It is worth noting that without a legal wrapper – i.e. without a recognized legal identity – a DAO may have difficulty engaging with the real world and ensuring compliance with its tax obligations. From a commercial perspective, uncertainty regarding their legal status may make it challenging for DAOs to engage with institutional players and investors who may want to effectively manage their risk of liability, particularly in a tighter market.
The uncertainties regarding DAO’s legal status and the potential liability that may arise therefrom are at issue in Sarcuni et al v. bZx DAO et al (S. D. Cal., May 2, 2022). In Sarcuni, the plaintiffs allege that the DAO in question, bZx DAO, and its co-founders and members, are jointly and severally liable for negligence in connection with the theft of approximately USD$55 million in funds from a decentralized finance protocol they launched. Named defendants include the DAO’s co-founders and investment firms that invested in the DAO and contributed to governance matters. At the core of the case is the alleged failure by bZx to take security measures it knew were necessary to protect the funds deposited with its security protocols. Although bZx had taken such security measures with its Ethereum implementation, it had failed to do so with its Polygon and Binance implementations, which were ultimately the victims of an e-mail phishing scam.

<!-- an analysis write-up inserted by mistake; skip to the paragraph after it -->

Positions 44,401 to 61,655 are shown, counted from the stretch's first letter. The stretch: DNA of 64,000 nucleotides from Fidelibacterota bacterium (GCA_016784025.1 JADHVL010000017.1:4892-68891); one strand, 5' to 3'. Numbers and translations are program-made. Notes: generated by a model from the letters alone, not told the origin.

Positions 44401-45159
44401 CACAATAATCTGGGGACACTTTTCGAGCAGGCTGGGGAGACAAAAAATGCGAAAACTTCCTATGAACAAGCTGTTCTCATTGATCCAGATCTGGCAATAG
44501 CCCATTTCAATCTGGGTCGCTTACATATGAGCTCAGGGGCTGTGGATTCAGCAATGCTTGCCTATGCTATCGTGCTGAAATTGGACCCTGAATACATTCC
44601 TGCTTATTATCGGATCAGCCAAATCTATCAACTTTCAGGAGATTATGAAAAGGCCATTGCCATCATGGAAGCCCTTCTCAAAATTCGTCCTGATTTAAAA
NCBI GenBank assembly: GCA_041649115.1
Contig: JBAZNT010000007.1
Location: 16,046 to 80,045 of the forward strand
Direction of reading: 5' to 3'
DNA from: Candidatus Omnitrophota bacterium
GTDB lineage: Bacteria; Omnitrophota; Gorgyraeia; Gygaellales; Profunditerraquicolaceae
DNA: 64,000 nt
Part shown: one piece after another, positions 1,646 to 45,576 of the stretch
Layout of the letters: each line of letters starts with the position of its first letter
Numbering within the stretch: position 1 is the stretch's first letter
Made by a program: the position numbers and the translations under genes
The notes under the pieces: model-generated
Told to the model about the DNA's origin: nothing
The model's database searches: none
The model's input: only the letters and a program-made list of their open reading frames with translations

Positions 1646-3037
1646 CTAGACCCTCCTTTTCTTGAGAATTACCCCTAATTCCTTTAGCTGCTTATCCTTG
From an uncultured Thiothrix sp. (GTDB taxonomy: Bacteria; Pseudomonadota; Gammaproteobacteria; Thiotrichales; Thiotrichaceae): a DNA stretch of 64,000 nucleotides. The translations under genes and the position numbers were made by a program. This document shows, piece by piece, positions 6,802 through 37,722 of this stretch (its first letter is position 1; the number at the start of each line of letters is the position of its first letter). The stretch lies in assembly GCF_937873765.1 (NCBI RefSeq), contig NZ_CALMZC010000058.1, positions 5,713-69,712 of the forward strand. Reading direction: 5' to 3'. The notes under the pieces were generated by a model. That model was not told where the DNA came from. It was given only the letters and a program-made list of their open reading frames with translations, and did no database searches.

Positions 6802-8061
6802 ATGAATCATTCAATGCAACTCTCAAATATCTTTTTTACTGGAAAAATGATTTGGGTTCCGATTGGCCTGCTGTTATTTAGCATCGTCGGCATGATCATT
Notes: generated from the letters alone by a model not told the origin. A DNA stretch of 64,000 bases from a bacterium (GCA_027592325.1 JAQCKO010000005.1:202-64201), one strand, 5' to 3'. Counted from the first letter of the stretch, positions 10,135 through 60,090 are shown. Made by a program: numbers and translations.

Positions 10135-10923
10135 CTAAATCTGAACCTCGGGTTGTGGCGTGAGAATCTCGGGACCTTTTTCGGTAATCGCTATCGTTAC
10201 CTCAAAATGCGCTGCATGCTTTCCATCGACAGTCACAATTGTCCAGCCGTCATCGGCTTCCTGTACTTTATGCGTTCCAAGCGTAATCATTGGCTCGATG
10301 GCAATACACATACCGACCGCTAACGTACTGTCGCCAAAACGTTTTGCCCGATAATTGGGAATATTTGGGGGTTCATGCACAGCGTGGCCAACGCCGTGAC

In claiming directly against the defendants on a joint and several basis, the plaintiffs rely heavily on the allegation that the DAO is a general partnership. In advancing that allegation, the plaintiffs rely upon statements made by the DAO’s founders, to the effect that the revenue from the underlying protocol and control aspects of such protocol would be transitioned to the DAO. The plaintiffs allege that, as a result, “the legal entity bZeroX LLC [ceased] to exist.” In effect, the plaintiffs allege that the lack of a legal entity to which such assets could have been transferred resulted in the creation of a general partnership.